REVIEW: Falcon’s Mistress by Donna Birdsell
Dear Ms. Birdsell,
I read a great review for your second book, and decided to give it a try.
It’s a good story and despite how farfetched the plot seems, it works. OK, it’s another English nobleman working as a spy against France but in this case it’s during the War of American Independence and Canby (yeah, he’s a Duke) is thought to be dead. It’s only when Selena is accused of his murder and sentenced to be hanged that he has to resurface and reestablish his identity. I like both Canby and Selena, the falconer’s daughter he loves, and especially the fact that Selena doesn’t immediately fit into Canby’s aristocratic world. In fact, she never does really fit into it and given that Canby hates it as well, I thought the ending was inventive. You’re also not afraid to make your characters un-PC (especially the secondary ones) and take the time to make the villains of the story have reasons for what they do. And it’s interesting to see the other side of the coin as far as England vs her colonies in America. I would love to see more American Colonials but I’m getting tired of most of the currently available ones featuring a British officer and a spirited American woman.
The scenes of Selena in prison and headed towards a necktie party at Tyburn are well done. You work a lot of information into the story without being obvious. And most of the characters really do show many sides, even the villains. Canby’s brother and future sister-in-law are rather too vague but perhaps the next installment will flesh Randolph out.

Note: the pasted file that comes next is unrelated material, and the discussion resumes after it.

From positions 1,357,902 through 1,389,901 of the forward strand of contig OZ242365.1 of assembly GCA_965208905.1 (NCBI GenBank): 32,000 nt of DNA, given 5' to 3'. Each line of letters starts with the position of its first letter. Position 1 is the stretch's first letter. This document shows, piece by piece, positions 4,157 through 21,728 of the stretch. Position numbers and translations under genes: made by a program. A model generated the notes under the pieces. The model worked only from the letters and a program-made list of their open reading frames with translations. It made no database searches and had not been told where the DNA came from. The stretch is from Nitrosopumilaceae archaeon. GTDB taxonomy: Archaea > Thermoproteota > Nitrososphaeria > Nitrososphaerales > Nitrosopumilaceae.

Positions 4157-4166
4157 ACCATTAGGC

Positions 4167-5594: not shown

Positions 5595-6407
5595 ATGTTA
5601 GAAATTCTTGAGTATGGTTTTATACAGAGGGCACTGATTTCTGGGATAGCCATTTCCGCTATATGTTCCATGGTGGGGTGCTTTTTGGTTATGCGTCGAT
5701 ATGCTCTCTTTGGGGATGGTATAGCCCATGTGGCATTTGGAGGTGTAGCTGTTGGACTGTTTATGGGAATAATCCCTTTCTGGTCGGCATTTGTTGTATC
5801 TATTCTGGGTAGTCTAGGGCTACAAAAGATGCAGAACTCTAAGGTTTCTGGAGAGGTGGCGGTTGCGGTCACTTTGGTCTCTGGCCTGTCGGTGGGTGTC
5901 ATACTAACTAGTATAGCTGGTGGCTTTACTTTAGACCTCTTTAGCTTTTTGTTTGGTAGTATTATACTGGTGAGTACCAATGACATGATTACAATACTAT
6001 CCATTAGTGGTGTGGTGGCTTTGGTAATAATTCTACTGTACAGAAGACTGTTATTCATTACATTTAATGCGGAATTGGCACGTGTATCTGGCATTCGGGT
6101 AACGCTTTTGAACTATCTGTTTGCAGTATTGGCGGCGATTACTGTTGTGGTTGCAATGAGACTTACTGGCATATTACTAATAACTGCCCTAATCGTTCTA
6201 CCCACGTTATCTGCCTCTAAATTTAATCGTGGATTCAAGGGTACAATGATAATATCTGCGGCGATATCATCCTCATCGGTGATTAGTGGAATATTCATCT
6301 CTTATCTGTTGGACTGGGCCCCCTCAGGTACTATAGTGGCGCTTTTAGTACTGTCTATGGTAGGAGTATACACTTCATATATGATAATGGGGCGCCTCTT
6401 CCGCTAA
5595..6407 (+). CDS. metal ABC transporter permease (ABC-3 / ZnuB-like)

Canby’s cousin, best friend and fellow operative is an interesting fellow and I hope is primed for his own book next. But as much as I like parts of the book, I’d be reading along when suddenly something would happen that would pull me out of the story. Characters would do things or act in ways that didn’t seem realistic for the 18th century (Canby has his valet go ask a society hostess’s housekeeper for an invitation to a supper party) and then just as quickly, things would revert back to feeling “right.” I’m not sure what you were doing in these brief instances. If you didn’t have time to set things up correctly, didn’t know, didn’t care, what…and to make it worse, I can’t see that those bits were even needed in the story. If only you’d cut them out.
But, if you can get this aspect of your writing straightened out, I think you’ll be well on your way. And judging from the pluses and minuses pointed out in another review that your first book got at another site, I think you’re improving. B- Oh, and love the cover even if the hero does have an open shirt. At least it looks like an open 18th century shirt and he looks sorta English.